Top & Best Bicycle turnstile: How to choose the best part in 2021?
How good it would be if all the streets were straight, smooth and smooth. As they are unfortunately not, you need strength, endurance and also gears on your bike. You then need a bicycle ratchet,
The turnstiles do the “dirty work” on the bikes, so that your pedaling is clean and lighter in any situation. In the Guide we set up below, we will show you all about this important piece, and help you choose the best and most suitable for your skinny girl.
First, the most important
- The bicycle turnstile is the part responsible for the gear ratio system.
- The ratchet is necessarily positioned on the rear wheel. The front wheel part is the crown.
- The basic variety of the bicycle turnstile is between the so-called free wheel turnstile and the cassette turnstile.
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From the simplest bike to the model with the most varied gears, the bicycle turnstile is there to relieve and adapt your pedaling to the most diverse situations, whether uphill, downhill, tracks or roads.
In this Shopping Guide, we will talk about these situations and everything else that surrounds this very important gear. With the information we share below, you will have no trouble finding the turnstile for your bike
What is a bicycle turnstile?
The ratchet is a piece necessarily located on the rear wheel of a bicycle. It is a small gear, which by mechanical force, that is, its pedaling, gives strength to a larger gear, the crown, which makes the bicycle move.
Its basic design is like a stack of serrated discs, which decrease in circumference from the first – which is threaded clockwise in the rear wheel hub – to the last disc, which is connected to the frame.
The chains of the ratchets, also called pinions or teeth, are fitted with the bicycle chains, responsible for transferring the energy from the rear wheel to the front and vice versa.
The ratchet is by far the most pressed part during a ride. This makes the fitting on the wheel tighter and tighter, requiring periodic removal and maintenance so that it does not become too tight, which damages the ratchet itself and the parts around it, or even gets stuck on the wheel.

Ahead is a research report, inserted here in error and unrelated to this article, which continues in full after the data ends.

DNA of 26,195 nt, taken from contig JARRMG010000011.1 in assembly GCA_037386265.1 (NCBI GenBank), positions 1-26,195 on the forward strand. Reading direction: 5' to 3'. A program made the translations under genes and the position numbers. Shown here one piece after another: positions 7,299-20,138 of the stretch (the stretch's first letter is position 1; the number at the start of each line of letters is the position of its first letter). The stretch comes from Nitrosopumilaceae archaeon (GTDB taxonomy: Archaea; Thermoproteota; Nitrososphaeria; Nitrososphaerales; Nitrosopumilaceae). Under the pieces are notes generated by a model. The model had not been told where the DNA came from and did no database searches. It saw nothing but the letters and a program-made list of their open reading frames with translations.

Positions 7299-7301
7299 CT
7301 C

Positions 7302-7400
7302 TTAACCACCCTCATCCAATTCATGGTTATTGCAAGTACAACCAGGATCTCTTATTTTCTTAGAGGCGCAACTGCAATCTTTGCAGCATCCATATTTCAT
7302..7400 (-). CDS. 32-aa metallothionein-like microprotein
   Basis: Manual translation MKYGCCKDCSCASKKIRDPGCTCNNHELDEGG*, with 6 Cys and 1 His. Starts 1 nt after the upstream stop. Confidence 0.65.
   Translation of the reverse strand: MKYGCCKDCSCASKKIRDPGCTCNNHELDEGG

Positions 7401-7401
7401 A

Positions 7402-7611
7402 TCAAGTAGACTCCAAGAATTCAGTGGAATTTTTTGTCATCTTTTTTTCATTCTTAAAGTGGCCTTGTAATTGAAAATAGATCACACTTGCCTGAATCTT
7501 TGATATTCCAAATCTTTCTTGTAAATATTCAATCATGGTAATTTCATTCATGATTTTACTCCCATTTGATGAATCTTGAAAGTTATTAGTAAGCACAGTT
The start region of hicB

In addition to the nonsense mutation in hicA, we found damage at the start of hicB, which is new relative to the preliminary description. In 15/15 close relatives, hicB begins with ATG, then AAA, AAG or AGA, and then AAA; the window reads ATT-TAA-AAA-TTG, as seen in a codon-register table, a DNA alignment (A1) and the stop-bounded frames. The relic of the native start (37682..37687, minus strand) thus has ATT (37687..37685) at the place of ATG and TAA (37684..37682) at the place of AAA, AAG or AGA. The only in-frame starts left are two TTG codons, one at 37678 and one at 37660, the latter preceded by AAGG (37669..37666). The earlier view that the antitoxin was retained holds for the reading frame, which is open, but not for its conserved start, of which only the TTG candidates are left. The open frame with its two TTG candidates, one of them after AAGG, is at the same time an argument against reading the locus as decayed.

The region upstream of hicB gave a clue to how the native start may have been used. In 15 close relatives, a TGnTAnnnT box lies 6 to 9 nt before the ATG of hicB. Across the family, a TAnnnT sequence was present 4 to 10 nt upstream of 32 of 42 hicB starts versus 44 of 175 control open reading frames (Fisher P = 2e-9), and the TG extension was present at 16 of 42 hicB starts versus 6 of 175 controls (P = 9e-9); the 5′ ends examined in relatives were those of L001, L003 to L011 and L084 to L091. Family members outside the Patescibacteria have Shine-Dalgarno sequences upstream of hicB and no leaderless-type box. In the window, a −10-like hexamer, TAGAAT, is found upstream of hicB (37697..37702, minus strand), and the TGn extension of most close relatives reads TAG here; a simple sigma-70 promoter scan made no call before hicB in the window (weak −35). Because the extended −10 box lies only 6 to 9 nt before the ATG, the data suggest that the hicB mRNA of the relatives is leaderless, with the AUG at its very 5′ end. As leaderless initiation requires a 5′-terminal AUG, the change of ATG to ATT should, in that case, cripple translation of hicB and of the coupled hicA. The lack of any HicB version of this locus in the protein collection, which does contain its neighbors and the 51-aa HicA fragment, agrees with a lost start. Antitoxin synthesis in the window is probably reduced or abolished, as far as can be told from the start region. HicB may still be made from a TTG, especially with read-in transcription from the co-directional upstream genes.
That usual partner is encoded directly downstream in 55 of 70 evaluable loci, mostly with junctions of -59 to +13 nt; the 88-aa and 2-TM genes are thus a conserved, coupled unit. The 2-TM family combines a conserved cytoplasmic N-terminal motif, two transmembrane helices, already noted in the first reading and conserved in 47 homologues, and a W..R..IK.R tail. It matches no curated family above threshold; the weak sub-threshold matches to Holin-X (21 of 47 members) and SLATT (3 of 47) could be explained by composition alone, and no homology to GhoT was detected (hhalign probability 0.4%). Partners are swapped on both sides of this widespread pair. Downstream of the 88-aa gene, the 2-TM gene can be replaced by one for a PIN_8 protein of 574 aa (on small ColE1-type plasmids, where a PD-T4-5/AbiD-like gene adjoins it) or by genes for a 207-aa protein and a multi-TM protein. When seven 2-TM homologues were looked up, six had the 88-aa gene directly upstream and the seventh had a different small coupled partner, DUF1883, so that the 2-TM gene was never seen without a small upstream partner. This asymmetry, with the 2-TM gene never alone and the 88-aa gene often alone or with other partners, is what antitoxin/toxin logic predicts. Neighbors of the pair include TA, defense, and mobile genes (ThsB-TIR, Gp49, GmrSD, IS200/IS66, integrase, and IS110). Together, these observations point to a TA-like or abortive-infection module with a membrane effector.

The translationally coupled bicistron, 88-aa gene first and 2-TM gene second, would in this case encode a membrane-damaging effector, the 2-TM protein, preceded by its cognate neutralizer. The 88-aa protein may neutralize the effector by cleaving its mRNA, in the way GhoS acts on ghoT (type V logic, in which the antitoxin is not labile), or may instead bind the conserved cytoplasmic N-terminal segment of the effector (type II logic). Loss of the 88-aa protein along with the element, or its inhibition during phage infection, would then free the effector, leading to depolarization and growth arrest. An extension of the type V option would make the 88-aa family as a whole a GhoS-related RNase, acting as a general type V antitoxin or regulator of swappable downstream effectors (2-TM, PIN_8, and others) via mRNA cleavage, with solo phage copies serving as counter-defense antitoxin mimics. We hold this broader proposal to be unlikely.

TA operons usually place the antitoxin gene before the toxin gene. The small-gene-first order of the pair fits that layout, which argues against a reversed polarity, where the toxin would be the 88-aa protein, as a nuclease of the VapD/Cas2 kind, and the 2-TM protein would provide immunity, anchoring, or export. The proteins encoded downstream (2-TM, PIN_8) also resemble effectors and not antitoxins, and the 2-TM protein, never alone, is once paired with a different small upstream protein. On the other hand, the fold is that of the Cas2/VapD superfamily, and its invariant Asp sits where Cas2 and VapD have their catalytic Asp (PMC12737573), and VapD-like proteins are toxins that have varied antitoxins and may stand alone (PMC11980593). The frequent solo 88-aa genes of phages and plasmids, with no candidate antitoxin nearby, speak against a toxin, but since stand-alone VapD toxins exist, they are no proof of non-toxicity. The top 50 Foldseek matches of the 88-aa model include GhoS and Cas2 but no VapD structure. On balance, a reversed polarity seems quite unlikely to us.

What is a bicycle ratchet for?
In addition to the basic movement of the bicycle, the ratchet is the responsible part in making the entire gear ratio work. The gears are a mechanical advent of the bicycle that enhance or relieve the cyclist’s pedaling, in order to adapt the necessary force for some track.
In other words, they make it possible, for example, when going uphill, to pedal lighter than on a single speed bike . Gravity is the same and effort is still required to climb, but in a much more comfortable pedaling.
Each knurled disk of this big stack that is the bicycle ratchet corresponds to one speed, and each speed corresponds to one, two or three gears, depending on the number of teeth in the crown, the gear similar to the ratchet on the front wheel.
When changing a gear, you make the chain, the one that connects the ratchet to the crown, “jump” from one serrated disk to the other, and drive a smaller disk, and therefore a higher speed, or a larger disk, and a lower speed .
Is it worth using a freewheel ratchet?
Some say that all turnstiles have free wheels. The question is where it is positioned.
Anyway, when talking about freewheeling ratchet, the referred model is the most basic ratchet, the traditional ratchet. It is threaded on the bicycle hub, and is responsible for turning the gear ratio system.
Also called a free wheel is the mechanism that turns with the transfer of energy from the pedals. It is responsible for making the wheel move.